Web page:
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1.25: Adding and Subtracting Rational Expressions

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    Think back to the chapter on rational expressions. Let's remember that a rational expression (also called an algebraic fraction) is one which can be written as a ratio of \(\dfrac{P}{Q}\) where \(\mathrm{P}\) and \(\mathrm{Q}\) are polynomials and \(\mathrm{Q} \neq 0 .\) We can add and subtract rational expressions in the same way we can add and subtract fractions.

    Rational Expressions with “Like” Denominators

    Adding and Subtracting Rational Expressions

    Let \(P, Q\) and \(R\) be polynomials with \(R \neq 0\)

    1. \(\dfrac{P}{R}+\dfrac{Q}{R}=\dfrac{P+Q}{R}\)
    2. \(\dfrac{P}{R}-\dfrac{Q}{R}=\dfrac{P-Q}{R}\)

    Example 23.1

    Add and write the answer in simplest form:

    \[\dfrac{3 y}{16}+\dfrac{5 y}{16}\nonumber\]

    \[\dfrac{3 y}{16}+\dfrac{5 y}{16}\nonumber\]

    \[\dfrac{3 y}{16}+\dfrac{5 y}{16}=\dfrac{3 y+5 y}{16}=\dfrac{8 y}{16}=\dfrac{y}{2}\nonumber\]

    Example 23.2

    Subtract and write the answer in simplest form:

    \[\dfrac{5 x}{x-3}-\dfrac{15}{x-3}\nonumber\]

    We begin by subtracting the numerators to get

    \[\dfrac{5 x}{x-3}-\dfrac{15}{x-3}\nonumber\]

    Next, we simplify the rational expression by using a method for we learned in the previous section. We factor the numerator and then cancel the common factor from the numerator and denominator

    \[\dfrac{5 x-15}{x-3}=\dfrac{5\not{(x-3)}}{\not{(x-3)}}=5\nonumber\]

    Rational Expressions with Unlike Denominators

    Recall that in order to combine “unlike” fractions (those with different denominators) we first had to rewrite them with a common denominator. We chose to work with the least such common denominator because it streamlined the process. Combining unlike rational expressions requires us to do the same thing. We can find the LCD for rational expressions in exactly the same manner as we found the LCD for fractions, refer to Chapter 2 for the procedure. The only difference to keep in mind is that denominators of rational expressions may be polynomials. But this doesn’t hinder us. When we factor our denominators, we simply factor them as products of powers of prime numbers and polynomials. A prime (or irreducible) polynomial is a polynomial which cannot be factored any further.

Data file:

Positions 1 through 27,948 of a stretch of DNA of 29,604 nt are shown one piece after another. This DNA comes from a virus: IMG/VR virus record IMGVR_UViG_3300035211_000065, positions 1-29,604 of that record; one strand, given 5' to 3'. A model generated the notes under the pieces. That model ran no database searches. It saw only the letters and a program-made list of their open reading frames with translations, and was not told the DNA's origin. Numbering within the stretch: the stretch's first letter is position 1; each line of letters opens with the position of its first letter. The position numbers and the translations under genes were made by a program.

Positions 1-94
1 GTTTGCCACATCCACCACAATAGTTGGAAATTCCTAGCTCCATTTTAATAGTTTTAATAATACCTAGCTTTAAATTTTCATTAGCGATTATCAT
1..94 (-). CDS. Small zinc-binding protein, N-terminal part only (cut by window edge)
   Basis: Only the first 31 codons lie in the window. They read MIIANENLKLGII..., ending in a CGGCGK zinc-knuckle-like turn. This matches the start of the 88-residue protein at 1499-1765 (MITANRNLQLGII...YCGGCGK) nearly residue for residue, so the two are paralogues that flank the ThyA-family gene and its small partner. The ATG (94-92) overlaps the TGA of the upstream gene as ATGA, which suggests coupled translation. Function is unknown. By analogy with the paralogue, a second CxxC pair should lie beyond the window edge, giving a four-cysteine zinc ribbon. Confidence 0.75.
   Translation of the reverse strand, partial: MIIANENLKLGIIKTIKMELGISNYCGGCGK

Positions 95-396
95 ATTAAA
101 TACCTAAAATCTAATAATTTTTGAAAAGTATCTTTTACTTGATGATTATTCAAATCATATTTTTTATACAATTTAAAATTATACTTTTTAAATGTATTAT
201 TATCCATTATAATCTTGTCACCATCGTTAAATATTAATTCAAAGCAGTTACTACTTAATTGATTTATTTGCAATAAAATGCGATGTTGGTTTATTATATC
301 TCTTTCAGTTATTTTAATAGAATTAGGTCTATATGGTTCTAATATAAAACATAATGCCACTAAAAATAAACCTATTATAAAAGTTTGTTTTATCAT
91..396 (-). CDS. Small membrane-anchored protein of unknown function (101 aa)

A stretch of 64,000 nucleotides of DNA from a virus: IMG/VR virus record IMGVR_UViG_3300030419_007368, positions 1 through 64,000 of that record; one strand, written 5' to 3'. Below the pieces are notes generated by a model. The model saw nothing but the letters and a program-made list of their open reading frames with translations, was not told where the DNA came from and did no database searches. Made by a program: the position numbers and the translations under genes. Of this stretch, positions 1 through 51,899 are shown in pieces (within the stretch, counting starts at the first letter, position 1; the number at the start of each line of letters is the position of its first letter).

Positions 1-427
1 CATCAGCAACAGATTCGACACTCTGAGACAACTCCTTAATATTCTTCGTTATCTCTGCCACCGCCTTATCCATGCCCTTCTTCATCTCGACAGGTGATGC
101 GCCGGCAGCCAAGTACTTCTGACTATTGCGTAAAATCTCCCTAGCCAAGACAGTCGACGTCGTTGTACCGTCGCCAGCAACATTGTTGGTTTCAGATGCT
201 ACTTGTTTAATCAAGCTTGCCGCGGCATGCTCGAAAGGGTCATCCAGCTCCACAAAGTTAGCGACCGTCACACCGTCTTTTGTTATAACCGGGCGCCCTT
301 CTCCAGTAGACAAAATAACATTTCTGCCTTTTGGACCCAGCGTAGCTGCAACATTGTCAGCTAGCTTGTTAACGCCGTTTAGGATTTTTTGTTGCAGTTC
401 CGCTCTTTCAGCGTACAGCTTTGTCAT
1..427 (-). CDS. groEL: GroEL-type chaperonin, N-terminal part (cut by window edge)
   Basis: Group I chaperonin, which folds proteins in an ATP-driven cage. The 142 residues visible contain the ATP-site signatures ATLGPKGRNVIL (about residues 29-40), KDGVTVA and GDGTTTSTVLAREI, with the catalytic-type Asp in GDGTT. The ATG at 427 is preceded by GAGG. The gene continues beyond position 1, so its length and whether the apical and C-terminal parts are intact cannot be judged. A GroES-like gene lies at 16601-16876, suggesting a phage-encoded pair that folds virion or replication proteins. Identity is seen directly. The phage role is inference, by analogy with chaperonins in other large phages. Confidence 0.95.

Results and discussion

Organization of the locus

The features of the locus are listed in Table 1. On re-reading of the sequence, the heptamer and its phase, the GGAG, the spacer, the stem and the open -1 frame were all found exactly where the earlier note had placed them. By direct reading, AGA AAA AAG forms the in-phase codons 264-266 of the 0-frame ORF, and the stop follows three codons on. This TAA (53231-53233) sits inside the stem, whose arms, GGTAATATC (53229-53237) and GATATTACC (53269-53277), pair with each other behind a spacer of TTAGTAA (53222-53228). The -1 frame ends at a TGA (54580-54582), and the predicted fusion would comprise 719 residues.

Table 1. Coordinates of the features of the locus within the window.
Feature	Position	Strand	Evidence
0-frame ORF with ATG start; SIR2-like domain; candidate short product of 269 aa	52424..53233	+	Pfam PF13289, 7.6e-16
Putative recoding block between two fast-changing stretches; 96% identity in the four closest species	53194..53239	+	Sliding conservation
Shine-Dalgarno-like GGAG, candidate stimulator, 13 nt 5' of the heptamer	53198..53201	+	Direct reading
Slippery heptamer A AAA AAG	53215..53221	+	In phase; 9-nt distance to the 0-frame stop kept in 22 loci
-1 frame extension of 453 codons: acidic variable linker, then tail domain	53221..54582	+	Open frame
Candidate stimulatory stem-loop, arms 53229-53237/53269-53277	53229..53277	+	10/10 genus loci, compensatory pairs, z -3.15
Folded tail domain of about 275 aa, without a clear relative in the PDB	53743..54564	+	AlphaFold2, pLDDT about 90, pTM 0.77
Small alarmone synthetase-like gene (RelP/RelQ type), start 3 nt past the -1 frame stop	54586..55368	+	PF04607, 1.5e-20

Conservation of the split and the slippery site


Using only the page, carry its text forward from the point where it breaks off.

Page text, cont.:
Example 23.3

    Combine \(\dfrac{5 x}{6}-\dfrac{2 x}{3}\).

    Recall the steps to find the LCD (Chapter 2):

    • Step 1 Factor (the denominators): 6 factors into \(2 \cdot 3\) and 3 factors into \(3 \cdot 1\)
    • Step 2. List (the primes) 2,3
    • Step 3. (Form the) LCD: \(2 \cdot 3=6\)

    Now that we have found the LCD, we use it to rewrite each rational expression to transform our problem from

    \[\dfrac{5 x}{6}-\dfrac{2 x}{3}\nonumber\]


    \[\dfrac{5 x}{6}-\dfrac{2 \cdot 2 x}{2 \cdot 3} =\dfrac{5 x}{6}-\dfrac{4 x}{6}\nonumber\]

    Now we can combine the rational expressions to get

    \[\dfrac{5 x}{6}-\dfrac{4 x}{6}=\dfrac{x}{6}\nonumber\]

    Example 23.4

    Combine \(\dfrac{7}{x}+\dfrac{4}{3}\)

    We encounter here our first "prime polynomial" which is \(x\). The LCD for this example is \(3 x\) and so we begin by rewriting the problem to read


    \[=\dfrac{3 \cdot 7}{3 \cdot x}+\dfrac{4 \cdot x}{3 \cdot x}\nonumber\]

    \[=\dfrac{21}{3 x}+\dfrac{4 x}{3 x}\nonumber\]

    Now, we combine the “like” rational expressions to yield the solution

    \[\dfrac{21+4 x}{3 x}\nonumber\]

    which cannot be simplified any further.

    Example 23.5

    Combine \(\dfrac{5}{4 a}-\dfrac{7 b}{6}\).

    Let us begin by computing the LCD, keeping in mind that here \(a\) is a prime polynomial.

    • Step 1. Factor: \(4 a\) factors into \(2^{2} \cdot a\) and 6 factors into \(2 \cdot 3\)
    • Step 2. List: \(2,3, a\)
    • Step 3. LCD: \(2^{2} \cdot 3 \cdot a=12 a\)

    Next, we rewrite each fraction using this LCD:

    \[\begin{align*} \dfrac{5}{4 a}-\dfrac{7 b}{6} &=\dfrac{3 \cdot 5}{3 \cdot 4 a}-\dfrac{7 b \cdot 2 a}{6 \cdot 2 a} \\[4pt] &=\dfrac{15}{12 a}-\dfrac{14 a b}{12 a}\end{align*}\]

    Finally we can combine “like” rational expressions to get

    \[\dfrac{15}{12 a}-\dfrac{14 a b}{12 a}=\dfrac{15-14 a b}{12 a}\nonumber\]

    which cannot be reduced any further.

    Exit Problem

    Simplify: \(\dfrac{7}{12}-\dfrac{5}{8 b}\)

    1.25: Adding and Subtracting Rational Expressions is shared under a not declared license and was authored, remixed, and/or curated by LibreTexts.